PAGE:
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When I scored my new Family Truckster four years ago, I knew the types of abuse I’d be asking it to put up with. I routinely tote screaming, active kids and their friends to practices, games, and events. I’ve led many a family road trip across the mighty United States Interstate system. I’ve hauled the foulest-smelling goalie gear known to youth hockey. I’ve loaded the Truckster to the brim to support my mother-in-law’s craft show hobby. And I’ve used it to retrieve mulch, haul pavers, and transport bikes and dogs. So I knew I’d need to protect the cargo area, but didn’t want to shell out the $100-$150 for an OEM part. Thus a cheap alternative: rubber floor mats.

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You Toolmongers have been holding out on me. How come no one told me — or, perhaps worse, why didn’t I discover before — that there are simple formulas for determining the nominal diameters and clearance holes of (Unified Thread Standard) machine screw sizes 0–14*? All those years I spent looking up that little table, or trying to find that plastic gauge thingy…

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Walk into the gardening section at your local big box and you’ll to notice two different kinds of cutting tools — bypass and anvil.  You’ll see these two options for everything from pruners to clippers to loppers to hedge shears.  So how do you know which one is right for you?  Learn more after the jump.

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As it gets warmer this spring, your ambient room temperature goes up, too — at least if you have your furnace and AC set to reasonable levels — which means your computer has to work harder to get rid of the heat it produces, so the CPU doesn’t turn into a molten pile of goo.  I didn’t know just how stressed my computer was till it started beeping at me as I was getting ready for bed the other night.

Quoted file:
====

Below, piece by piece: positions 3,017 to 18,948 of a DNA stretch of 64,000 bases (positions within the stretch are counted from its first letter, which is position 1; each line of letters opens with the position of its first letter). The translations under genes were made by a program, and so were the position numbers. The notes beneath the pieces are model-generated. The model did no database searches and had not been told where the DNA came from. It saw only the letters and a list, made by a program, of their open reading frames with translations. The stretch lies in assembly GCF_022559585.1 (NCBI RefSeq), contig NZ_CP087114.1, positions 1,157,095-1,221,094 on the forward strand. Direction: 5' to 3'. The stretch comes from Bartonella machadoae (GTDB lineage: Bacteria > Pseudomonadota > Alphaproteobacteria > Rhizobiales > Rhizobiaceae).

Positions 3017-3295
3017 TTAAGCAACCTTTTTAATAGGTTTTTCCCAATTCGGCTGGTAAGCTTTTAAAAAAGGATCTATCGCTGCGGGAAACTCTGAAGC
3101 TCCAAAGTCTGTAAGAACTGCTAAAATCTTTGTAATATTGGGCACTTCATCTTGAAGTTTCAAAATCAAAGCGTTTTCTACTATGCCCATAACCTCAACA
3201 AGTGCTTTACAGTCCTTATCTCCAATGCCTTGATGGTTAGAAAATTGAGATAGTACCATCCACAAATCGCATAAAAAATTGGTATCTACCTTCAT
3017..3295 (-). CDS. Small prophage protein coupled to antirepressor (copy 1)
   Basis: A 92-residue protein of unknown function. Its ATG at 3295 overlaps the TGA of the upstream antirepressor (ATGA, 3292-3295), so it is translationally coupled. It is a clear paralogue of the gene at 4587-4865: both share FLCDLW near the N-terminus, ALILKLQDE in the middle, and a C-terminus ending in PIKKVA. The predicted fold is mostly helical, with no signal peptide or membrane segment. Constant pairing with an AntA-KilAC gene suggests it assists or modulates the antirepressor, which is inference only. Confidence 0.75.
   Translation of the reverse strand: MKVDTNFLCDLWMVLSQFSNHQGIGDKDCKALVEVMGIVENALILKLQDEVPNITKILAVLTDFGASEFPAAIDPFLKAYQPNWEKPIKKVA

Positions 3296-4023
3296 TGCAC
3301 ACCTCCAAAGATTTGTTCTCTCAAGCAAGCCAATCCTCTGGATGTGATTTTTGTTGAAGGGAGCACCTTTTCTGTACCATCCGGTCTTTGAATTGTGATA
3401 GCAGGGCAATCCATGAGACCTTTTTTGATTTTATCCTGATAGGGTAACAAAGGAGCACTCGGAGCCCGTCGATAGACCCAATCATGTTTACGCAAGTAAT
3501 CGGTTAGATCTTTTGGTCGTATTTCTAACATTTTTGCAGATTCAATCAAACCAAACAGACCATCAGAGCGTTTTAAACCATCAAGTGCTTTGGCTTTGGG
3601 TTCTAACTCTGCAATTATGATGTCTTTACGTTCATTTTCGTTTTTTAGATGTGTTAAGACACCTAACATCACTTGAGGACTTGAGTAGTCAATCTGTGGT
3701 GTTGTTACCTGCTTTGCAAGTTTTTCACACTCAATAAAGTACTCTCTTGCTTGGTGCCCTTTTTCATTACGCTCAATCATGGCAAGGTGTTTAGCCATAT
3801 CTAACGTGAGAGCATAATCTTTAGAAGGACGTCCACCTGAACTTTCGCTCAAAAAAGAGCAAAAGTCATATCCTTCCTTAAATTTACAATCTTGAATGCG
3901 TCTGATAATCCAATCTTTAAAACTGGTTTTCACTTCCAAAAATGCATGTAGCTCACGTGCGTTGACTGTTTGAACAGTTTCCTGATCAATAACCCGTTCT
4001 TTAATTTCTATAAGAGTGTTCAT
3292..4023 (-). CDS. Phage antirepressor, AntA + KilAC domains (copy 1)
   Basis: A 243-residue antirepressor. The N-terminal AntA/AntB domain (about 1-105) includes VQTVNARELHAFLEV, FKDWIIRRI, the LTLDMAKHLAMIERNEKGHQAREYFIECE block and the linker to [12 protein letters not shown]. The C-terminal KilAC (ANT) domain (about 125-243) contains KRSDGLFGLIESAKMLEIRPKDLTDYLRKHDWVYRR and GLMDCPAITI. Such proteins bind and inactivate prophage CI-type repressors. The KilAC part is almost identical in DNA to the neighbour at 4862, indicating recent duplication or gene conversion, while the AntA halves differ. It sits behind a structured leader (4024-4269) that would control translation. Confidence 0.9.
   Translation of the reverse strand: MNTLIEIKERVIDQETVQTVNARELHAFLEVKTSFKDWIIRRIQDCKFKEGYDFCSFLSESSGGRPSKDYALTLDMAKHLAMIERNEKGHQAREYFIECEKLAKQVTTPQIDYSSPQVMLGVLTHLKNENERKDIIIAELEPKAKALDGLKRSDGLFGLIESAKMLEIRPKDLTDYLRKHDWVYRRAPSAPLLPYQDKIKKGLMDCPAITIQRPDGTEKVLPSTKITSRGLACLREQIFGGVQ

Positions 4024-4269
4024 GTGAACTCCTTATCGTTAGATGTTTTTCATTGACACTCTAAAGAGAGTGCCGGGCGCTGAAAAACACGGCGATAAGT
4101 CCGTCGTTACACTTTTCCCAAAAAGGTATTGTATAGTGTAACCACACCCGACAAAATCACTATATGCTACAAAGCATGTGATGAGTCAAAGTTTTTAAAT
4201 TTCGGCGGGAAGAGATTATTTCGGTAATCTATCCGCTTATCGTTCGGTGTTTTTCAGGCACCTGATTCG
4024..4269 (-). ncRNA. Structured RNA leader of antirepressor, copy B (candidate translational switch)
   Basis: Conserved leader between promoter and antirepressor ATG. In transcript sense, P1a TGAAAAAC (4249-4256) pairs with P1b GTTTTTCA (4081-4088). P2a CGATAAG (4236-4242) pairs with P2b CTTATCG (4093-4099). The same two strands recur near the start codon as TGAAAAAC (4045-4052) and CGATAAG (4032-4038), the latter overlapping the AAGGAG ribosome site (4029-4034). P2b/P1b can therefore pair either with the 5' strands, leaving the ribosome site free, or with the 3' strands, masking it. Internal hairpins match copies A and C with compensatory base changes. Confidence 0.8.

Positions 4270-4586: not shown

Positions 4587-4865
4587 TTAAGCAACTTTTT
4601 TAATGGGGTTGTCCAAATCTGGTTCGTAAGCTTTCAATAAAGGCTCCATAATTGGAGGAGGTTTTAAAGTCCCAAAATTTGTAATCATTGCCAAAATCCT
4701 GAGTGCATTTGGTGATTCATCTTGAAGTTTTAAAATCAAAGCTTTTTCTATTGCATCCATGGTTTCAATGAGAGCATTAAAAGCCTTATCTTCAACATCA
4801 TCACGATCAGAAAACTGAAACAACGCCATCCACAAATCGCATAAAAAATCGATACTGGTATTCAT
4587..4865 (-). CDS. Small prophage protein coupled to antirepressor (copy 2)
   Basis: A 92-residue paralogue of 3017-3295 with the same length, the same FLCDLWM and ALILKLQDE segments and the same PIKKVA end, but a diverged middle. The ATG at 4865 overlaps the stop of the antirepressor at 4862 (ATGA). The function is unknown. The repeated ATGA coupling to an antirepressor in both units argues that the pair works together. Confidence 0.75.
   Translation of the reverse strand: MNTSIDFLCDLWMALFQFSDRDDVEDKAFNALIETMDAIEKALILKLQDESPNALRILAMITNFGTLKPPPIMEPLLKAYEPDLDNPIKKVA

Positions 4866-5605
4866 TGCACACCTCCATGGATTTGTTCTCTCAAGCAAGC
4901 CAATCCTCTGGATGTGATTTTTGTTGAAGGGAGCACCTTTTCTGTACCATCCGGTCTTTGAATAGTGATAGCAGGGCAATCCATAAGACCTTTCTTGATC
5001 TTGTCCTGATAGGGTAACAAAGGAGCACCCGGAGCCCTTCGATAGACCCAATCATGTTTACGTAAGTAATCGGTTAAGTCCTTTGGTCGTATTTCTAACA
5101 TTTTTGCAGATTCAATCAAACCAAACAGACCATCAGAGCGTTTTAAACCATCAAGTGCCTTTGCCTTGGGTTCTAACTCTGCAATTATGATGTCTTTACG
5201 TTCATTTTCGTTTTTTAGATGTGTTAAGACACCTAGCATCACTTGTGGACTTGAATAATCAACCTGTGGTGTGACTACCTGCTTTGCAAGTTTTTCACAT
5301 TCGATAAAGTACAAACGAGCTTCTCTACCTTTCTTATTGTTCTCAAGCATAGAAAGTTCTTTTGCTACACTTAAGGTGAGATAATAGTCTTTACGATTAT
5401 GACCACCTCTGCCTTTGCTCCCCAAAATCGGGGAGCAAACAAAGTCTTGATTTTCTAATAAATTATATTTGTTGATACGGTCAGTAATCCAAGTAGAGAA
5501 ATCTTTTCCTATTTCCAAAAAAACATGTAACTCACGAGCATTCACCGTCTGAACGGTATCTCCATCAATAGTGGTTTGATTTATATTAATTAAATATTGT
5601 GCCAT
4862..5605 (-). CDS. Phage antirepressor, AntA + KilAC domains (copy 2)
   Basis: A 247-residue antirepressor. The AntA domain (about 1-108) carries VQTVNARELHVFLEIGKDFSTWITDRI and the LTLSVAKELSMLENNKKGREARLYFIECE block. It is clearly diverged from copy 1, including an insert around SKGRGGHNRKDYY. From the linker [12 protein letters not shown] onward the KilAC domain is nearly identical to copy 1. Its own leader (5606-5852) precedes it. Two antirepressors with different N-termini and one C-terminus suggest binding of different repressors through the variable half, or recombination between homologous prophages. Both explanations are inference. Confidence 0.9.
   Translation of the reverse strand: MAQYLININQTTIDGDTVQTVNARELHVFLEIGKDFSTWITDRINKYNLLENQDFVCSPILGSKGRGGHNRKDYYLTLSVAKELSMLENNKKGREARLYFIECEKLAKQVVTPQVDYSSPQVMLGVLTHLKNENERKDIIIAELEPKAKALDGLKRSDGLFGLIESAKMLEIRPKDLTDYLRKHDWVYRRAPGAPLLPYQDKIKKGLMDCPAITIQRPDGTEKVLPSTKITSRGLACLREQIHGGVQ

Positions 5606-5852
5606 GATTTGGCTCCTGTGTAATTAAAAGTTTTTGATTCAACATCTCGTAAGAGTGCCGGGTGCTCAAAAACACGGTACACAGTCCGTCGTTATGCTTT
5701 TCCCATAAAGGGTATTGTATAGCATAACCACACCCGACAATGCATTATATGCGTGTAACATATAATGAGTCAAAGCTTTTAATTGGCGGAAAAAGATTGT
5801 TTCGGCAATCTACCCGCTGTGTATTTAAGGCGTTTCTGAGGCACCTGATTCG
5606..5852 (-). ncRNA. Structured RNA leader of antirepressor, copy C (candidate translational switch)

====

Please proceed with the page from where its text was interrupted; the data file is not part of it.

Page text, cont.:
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Here you see three basic tools, a hammer, a screwdriver, and a utility knife — but wait a second, what’s that crap all over ’em?  “Eww, flowers,” you say, “and ugly ones at that!”  That’s exactly the point.  If you have to protect your tools from the grabby paws of fellow shop workers (I’ve heard stories of people rusting their tools so they’d be less desirable), and if you’re short a lockable tool box, these might be the next best thing.

This is another tip I picked up in a special effects shop:  Keep one of these three ugly flowery items in your box at all times.  Why?  Because the next time someone asks to borrow a screwdriver or hammer, they’ll receive one of these.  Most likely no one else will have one like it, and bam!– you’ll know who’s swiping your tools, or you’ll get it back, because no one wants to be seen wielding a flowery tool.

I found this three-piece set for $10 on Amazon — a fun gag or a potential trick up your sleeve, it’s up to you.

Flowery Theft Prevention Via Amazon [What’s This?]

 
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Score! Having read about a ten-dollar scroll saw and a twenty-dollar recip saw, I’ve been watching for opportunities at pawn shops, and today my vigilance paid off.  I reeled in a 20′ Werner aluminum extension ladder, rated at 200lb — for $40.